A blog about Bloomsbury Academic's 33 1/3 series, our other books about music, and the world of sound in general.

Monday, April 11, 2005

Crepuscular Zep, indeed...

One of the brand new books in the series that some of you might enjoy is Erik Davis' wonderful commentary on Led Zeppelin's fourth album. The manuscript came in too long, but it just would have been wrong to make any cuts. Plus, the sigils look really cool... Here's a clip:

In fairness, it must be said that many rock bards name Black Sabbath rather than Zeppelin as the true font of heavy metal. After all, Sabbath pack an unparalleled eldritch punch, and in many ways represent a purer source of bane: the riffs more consistently morbid, the stance more prole, and the whole shtick more out-of-nowhere and hence more monstrous, more contrary to nature. But Zeppelin had a vaster palette, a more richly perfumed darkness; perhaps most importantly, they sold way more records. Like all origin stories, this one depends on your frame of reference, your own lineages, your taste. It’s very much like the question of who deserves blame for the genre of heroic fantasy, whose multi-volume sagas of dwarf-lords and magic blades continue to clog the SF sections of bookstores. Hardcore sword-and-sorcery buffs will rightly name the pulp peregrinations of Robert E. Howard’s Conan, while more literary types will nominate, with equal justification, Tolkien’s Lord of the Rings. Sabbath is Conan; Zeppelin is Lord of the Rings.

But Zeppelin is a special sort of Lord of the Rings, one where you get to root for both sides. Whatever its biographical basis, Page’s apparent diabolism is counterbalanced with the bucolic hippie paganism concentrated in the lyrics, persona and hairstyles of Robert Plant. Led Zeppelin derives much of their mythic power from this seductive but disturbing ambiguity. Who do Zeppelin swear fealty to? The devil or the sun? Mordor or Middle-earth? Is Faery really just a theme park of Hell? The polarity between Page and Plant is even reflected in their very names. The plant is the pure green spunk of earth, whereas the page is a work of man, a skeletal void upon which we inscribe our plots and spells.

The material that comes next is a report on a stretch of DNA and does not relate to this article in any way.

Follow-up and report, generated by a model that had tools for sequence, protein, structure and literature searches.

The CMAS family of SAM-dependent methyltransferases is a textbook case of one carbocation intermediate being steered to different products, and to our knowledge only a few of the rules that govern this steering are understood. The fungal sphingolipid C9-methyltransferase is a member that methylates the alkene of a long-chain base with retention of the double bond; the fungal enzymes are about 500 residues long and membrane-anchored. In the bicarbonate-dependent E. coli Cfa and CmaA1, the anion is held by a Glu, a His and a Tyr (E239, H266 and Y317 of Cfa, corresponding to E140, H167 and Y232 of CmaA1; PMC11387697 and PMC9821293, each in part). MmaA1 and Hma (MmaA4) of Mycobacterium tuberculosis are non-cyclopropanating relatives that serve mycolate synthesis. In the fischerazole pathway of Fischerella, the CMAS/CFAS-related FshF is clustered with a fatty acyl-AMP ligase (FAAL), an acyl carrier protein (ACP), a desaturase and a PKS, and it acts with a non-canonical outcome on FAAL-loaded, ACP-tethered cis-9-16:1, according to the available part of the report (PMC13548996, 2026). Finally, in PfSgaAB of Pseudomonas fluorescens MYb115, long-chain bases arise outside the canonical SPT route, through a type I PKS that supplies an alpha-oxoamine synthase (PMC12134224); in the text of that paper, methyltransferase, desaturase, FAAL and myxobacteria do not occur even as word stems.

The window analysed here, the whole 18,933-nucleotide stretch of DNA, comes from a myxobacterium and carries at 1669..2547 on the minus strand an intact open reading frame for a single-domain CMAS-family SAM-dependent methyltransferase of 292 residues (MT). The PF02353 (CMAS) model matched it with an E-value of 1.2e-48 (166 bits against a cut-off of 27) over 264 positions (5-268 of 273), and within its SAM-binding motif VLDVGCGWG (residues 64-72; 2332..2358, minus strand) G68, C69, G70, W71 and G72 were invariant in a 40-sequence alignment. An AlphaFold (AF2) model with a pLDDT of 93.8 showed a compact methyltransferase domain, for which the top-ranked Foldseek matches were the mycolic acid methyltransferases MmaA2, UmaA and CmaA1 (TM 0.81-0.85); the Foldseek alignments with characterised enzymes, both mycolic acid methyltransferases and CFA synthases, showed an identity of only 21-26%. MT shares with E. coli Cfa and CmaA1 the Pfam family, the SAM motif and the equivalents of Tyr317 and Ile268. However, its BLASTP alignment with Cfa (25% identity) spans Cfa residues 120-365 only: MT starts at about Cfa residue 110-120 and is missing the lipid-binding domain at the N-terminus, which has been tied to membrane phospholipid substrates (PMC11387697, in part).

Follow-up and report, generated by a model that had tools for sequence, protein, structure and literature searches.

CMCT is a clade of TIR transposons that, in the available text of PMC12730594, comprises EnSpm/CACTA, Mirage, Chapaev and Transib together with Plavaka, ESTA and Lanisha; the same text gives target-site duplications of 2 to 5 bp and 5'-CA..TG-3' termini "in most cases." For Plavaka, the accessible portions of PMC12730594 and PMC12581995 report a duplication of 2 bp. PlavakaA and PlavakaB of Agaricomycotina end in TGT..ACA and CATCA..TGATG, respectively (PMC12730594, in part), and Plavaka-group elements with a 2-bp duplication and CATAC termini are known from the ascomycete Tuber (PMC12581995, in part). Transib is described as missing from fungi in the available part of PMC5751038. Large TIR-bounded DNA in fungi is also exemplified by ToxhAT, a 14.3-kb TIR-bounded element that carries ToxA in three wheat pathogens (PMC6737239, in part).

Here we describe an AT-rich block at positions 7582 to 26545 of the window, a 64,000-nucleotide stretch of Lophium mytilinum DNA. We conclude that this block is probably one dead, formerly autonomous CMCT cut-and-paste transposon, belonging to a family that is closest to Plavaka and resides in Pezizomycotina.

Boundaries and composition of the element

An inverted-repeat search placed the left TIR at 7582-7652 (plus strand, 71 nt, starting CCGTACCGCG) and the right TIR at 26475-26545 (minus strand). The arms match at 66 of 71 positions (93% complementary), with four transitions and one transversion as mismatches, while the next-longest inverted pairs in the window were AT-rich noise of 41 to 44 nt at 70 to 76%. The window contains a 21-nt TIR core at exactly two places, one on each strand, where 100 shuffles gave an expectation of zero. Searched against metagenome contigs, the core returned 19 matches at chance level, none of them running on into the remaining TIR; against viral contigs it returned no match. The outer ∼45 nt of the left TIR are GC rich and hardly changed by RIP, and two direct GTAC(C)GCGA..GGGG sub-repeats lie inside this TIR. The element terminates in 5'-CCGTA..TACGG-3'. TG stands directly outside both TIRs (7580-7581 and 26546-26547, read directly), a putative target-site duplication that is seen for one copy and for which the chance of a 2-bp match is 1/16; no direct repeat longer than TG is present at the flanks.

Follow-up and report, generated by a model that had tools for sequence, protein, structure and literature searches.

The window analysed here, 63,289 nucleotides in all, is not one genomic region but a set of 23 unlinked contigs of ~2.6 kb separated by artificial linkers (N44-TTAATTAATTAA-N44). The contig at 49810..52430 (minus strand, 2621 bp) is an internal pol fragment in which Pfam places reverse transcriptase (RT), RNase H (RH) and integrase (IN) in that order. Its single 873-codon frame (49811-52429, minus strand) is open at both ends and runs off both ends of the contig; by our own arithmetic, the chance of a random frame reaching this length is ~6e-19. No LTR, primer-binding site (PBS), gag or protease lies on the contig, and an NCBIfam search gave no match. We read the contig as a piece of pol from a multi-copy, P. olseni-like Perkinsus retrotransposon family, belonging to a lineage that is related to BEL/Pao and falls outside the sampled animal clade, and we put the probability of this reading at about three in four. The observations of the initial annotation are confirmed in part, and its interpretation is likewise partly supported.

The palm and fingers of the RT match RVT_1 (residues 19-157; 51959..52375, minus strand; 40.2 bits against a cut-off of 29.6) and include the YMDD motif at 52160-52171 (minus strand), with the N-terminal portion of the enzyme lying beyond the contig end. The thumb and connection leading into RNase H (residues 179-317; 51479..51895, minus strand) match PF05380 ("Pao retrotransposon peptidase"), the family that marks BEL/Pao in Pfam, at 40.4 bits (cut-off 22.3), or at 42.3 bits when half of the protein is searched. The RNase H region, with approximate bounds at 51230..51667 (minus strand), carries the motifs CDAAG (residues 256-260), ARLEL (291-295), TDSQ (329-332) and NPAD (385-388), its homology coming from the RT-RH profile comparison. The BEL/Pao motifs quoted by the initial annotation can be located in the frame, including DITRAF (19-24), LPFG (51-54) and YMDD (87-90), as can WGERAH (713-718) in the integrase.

A similar polarity underlies Page’s persona, and helps to explain the aura of magical power that characterizes his mystique. Susan Fast cites one fan survey focused on the guitarist: "He is the sage. He knows how to take chances and make it work. He is the producer and ultimate architect of the goods."
On the surface, Page’s live performances present typical rockist values of spontaneity, virtuosity, and sweaty abandon. But Page adds a novel element to the figure of the guitar hero, an element that Steve Waksman has identified as mystery. So even as Page bares his cock rock before tens of thousands of fans, the Zoso doodle emblazoned on his clothes and amp remind us that he knows something that we don’t. There is a gap between the hero whose performance we consume and the sage behind the curtain, who remains concealed, literally occult. This mystique makes Page far creepier than Ozzy, who is hiding nothing, except maybe his debt to The Munsters. Though rooted in Page’s personal reserve and esoteric interests, the guitarist’s mystique is also structurally reflected in his musical practice. Page’s live virtuosity was leavened by the fact that he was notoriously sloppy, constantly picking up and discarding ideas with an air of carelessness, even distraction. In the heat of performance, it often seemed like a part of him was somewhere else, at a wise or possibly addled remove. Yet this sloppiness suggested that he had even mastered chance, and could “make it work.” This element of hidden mastery is the key, for behind the scenes, Page was an architect of control: a hands-on producer, a sometimes martinet in the studio, and a tight-fisted investor who, along with Peter Grant, helped wrest unprecedented financial and artistic control away from his record company. This air of cunning underlies his mystique. Onstage, he would occasionally direct the other members like a conductor, a performance that Jones has insisted was largely for show.

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